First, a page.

If you’re seriously thinking about doing in-home fitness training sessions, think about the time involved and the hours you’re going to spend in your vehicle in between appointments. Boot camps make far more sense. The beauty of starting a fitness boot camp is you’ll soon have enough money to hire other qualified people to help run them for you.

What other way could you train the people you want to work with, have minimum expenses, work out yourself while you’re training others, build relationships, make beaucoup bucks and have fun while you’re doing it?

5. Allowing your Business to Run You

There’s a large burn-out rate amongst new fitness professionals and it’s easy to understand why.

You’re trying to bend your own schedule all the time so you can fit in with your clients’ needs. There is nothing wrong with that, but you simply can’t work every day for 8 hours a day and maintain your own health and sanity.

If you have your own premises, you’re also going to have to keep up with the marketing, advertising, blogging and everyday running and maintenance of the business. And don’t forget the partner waiting patiently at home, the kids and the grass that needs cutting! You can’t do it all.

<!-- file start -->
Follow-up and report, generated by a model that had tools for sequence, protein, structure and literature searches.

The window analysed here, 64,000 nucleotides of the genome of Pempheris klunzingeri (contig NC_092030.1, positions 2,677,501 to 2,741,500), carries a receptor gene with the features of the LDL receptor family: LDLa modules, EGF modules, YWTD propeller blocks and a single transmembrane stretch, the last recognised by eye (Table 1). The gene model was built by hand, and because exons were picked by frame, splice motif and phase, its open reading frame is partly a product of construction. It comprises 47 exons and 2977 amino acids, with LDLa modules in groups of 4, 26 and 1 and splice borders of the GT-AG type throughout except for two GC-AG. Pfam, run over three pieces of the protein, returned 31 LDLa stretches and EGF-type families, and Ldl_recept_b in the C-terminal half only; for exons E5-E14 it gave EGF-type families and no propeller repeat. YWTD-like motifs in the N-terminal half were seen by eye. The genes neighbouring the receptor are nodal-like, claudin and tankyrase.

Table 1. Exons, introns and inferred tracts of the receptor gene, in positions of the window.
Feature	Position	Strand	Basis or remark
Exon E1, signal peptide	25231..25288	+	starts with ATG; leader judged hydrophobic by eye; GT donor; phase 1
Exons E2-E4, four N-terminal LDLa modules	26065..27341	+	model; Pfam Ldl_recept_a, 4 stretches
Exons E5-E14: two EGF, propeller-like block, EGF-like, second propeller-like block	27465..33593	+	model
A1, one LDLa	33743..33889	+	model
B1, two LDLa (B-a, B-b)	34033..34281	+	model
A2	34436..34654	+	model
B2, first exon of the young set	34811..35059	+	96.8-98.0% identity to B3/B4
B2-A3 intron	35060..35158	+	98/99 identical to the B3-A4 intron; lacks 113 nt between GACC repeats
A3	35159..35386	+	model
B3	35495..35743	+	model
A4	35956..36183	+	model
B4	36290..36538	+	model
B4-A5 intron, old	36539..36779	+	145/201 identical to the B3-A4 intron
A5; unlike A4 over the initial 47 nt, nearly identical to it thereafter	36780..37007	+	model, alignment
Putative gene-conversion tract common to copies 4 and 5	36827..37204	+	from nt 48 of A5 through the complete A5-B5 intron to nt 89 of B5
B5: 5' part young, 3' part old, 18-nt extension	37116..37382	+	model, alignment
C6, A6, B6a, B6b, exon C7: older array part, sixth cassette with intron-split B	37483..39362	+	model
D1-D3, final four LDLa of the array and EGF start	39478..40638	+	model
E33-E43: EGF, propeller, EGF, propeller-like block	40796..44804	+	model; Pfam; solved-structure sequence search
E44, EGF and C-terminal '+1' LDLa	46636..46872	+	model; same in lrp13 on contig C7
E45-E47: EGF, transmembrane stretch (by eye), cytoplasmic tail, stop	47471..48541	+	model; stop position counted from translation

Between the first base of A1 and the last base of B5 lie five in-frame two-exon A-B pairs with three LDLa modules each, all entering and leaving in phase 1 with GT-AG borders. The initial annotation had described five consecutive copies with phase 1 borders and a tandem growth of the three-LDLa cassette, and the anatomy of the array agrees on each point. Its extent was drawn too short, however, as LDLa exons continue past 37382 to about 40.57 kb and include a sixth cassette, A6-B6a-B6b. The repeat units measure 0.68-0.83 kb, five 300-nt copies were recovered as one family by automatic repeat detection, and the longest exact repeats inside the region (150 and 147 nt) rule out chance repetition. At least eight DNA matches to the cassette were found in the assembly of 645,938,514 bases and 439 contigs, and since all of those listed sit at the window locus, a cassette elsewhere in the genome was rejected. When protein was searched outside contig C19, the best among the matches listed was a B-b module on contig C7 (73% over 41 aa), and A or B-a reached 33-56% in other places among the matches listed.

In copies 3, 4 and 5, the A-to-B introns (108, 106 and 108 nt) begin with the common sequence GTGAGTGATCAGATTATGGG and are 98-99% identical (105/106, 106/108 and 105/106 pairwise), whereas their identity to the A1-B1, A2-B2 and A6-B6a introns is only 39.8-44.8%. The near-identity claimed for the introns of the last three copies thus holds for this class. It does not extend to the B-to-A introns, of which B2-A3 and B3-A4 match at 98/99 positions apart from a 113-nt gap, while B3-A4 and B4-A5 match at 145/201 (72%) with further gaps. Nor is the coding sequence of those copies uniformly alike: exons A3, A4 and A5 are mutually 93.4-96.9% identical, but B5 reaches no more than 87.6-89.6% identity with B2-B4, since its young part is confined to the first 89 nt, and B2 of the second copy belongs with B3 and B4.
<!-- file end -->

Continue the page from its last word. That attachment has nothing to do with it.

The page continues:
Learn to say no. Offering huge discounts in the beginning just to get new clients, you’ll soon regret. It’s your business and you call the shots. If you like to spend Sundays at home, go to church and spend the rest of the day with your family, it’s sacrosanct, and no money can ever replace the time you spend doing anything else on that day.

When your business reaches a certain level, plan to hire someone to help you, immediately. Make sure your clients are aware that even though you’re training them today, next Monday they may be working with your assistant. Have your new assistant meet all your clients and discuss their needs with her before she takes over.

Money may be a huge motivator but the work involved in moving your business to the next level might just be too much on your own. Look at diversifying. Starting a fitness boot camp franchise as suggested above, may be the wisest move you ever make. Check out if Fit Body Boot Camp Franchise territory is available near you.

Posted in Boot Camp Business, Boot Camp Marketing, Boot Camp Strategies, How To Start a Fitness Boot Camp Business, Personal Training Business by Steve Hochman | No Comments Yet

Leave a Comment